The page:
Letter by Opolski et al Regarding Article, “Patient Characteristics and Cell Source Determine the Number of Isolated Human Cardiac Progenitor Cells”
To the Editor:
We have read with great interest the recent study published by Itzhaki-Alfia et al1 defining the optimal source of human cardiac progenitor cells (hCPCs) and the influence of patient characteristics on their number. Hereby, we would like to congratulate the authors on a novel and highly efficient method of hCPC isolation; however, the main conclusion regarding the right atrium as the best source for c-kit+ hCPCs seems to differ from previous observations and therefore requires further commentary.2
First, a careful look at the tissue sample data reveals that the mixed-effects model was based on 41 myocardial samples, with 22 samples obtained from the right atrium, 10 from the left atrium, 7 from the left ventricle, and only 2 from the right ventricle. However, the recommended sample size for multilevel mixed models preferably should be 50, with a fall-off in statistical power as the number of observations decreases below the specified threshold.3 Furthermore, the number of subjects donating >1 sample from different areas, thus enabling within-subject comparison by a mixed-effects model, was limited to 4. Therefore, the reported within-subject comparison of different sample origins with regard to the c-kit+ hCPCs may reveal a methodological flaw derived from analysis of various patients.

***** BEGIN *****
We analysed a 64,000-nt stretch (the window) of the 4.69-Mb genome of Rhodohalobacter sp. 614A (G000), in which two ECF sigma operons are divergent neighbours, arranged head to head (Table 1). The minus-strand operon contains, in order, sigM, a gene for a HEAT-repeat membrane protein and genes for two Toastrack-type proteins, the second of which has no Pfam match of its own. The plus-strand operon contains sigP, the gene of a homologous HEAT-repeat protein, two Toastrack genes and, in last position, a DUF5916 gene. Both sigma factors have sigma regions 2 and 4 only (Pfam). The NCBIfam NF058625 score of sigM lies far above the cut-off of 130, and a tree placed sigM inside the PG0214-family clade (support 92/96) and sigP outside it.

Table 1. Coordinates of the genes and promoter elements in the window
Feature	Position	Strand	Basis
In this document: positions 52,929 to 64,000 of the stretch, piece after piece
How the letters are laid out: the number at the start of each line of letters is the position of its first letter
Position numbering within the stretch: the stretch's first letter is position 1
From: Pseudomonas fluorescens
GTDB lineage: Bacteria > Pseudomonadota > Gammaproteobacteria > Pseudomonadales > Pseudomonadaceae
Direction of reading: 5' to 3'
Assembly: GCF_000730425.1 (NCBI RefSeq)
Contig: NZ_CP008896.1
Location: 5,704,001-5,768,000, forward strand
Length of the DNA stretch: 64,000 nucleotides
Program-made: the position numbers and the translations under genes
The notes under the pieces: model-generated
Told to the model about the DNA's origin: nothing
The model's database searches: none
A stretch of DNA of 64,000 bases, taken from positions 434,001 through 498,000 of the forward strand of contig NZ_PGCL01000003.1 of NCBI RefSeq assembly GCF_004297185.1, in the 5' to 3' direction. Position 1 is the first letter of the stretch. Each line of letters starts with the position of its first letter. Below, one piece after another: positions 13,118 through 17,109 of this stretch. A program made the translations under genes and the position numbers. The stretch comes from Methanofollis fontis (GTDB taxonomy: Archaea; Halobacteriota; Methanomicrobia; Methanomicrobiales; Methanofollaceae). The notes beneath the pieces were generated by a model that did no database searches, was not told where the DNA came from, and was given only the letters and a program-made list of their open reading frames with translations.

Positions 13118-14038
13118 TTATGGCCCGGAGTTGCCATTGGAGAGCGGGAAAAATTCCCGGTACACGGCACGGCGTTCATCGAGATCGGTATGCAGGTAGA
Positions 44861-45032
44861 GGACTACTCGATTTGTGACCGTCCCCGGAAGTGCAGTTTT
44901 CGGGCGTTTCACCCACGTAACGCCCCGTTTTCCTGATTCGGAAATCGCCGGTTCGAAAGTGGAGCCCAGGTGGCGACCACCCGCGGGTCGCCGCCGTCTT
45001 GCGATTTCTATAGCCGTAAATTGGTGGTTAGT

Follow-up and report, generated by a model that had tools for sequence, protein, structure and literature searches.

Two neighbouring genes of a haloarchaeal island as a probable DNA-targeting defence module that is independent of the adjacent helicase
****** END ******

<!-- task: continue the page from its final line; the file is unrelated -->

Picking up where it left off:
Second, as opposed to right atrial appendage collection during open heart surgery, right ventricular biopsy has gained acceptance as a clinically safe interventional technique and remains the “gold standard” to assess myocardial disease in the living patient.4 However, in the study by Itzhaki-Alfia et al,1 the number of specimens collected from the right ventricle was limited to 2 samples. Significantly, the unbalanced and very low number of observations (especially for the right ventricle) can result in a risk of unmet assumptions about the percentage of normal distribution of c-kit+ hCPCs. Thus, statistical inference is not sound enough to consider the right atrium as a better source for c-kit+ hCPCs than the right ventricle.
Finally, the use of a heterogeneous patient population that included subjects with various primary heart diseases, such as coronary artery disease, valvular dysfunction, atrial fibrillation, and intrinsic cardiomyopathies, resulted in a fixed sample collection from specific origins during cardiac procedures. In addition, with a high prevalence of left or right atrial samples, various factors related to different levels of atrial fibrosis should have affected c-kit+ levels. However, despite the documented association between atrial fibrosis and atrial fibrillation,5 the percentage of c-kit+ cells was similar in patients with versus those without atrial fibrillation, valvular disease, or atrial dilatation. We assume this may be explained by noncomparable patient characteristics with mostly a single fixed-specimen origin and different levels of sample fibrosis.
Although the study by Itzhaki-Alfia et al1 represents a milestone in the development of a highly efficient hCPC isolation protocol, the main conclusion regarding the right atrium as the best source for hCPCs failed to consider important methodological confounders. For these reasons, the main conclusion should be regarded as more hypothesis generating and exploratory than definitive. In our opinion, the very practical question of the optimal source of hCPCs in a patient scheduled for myocardial biopsy remains unanswered.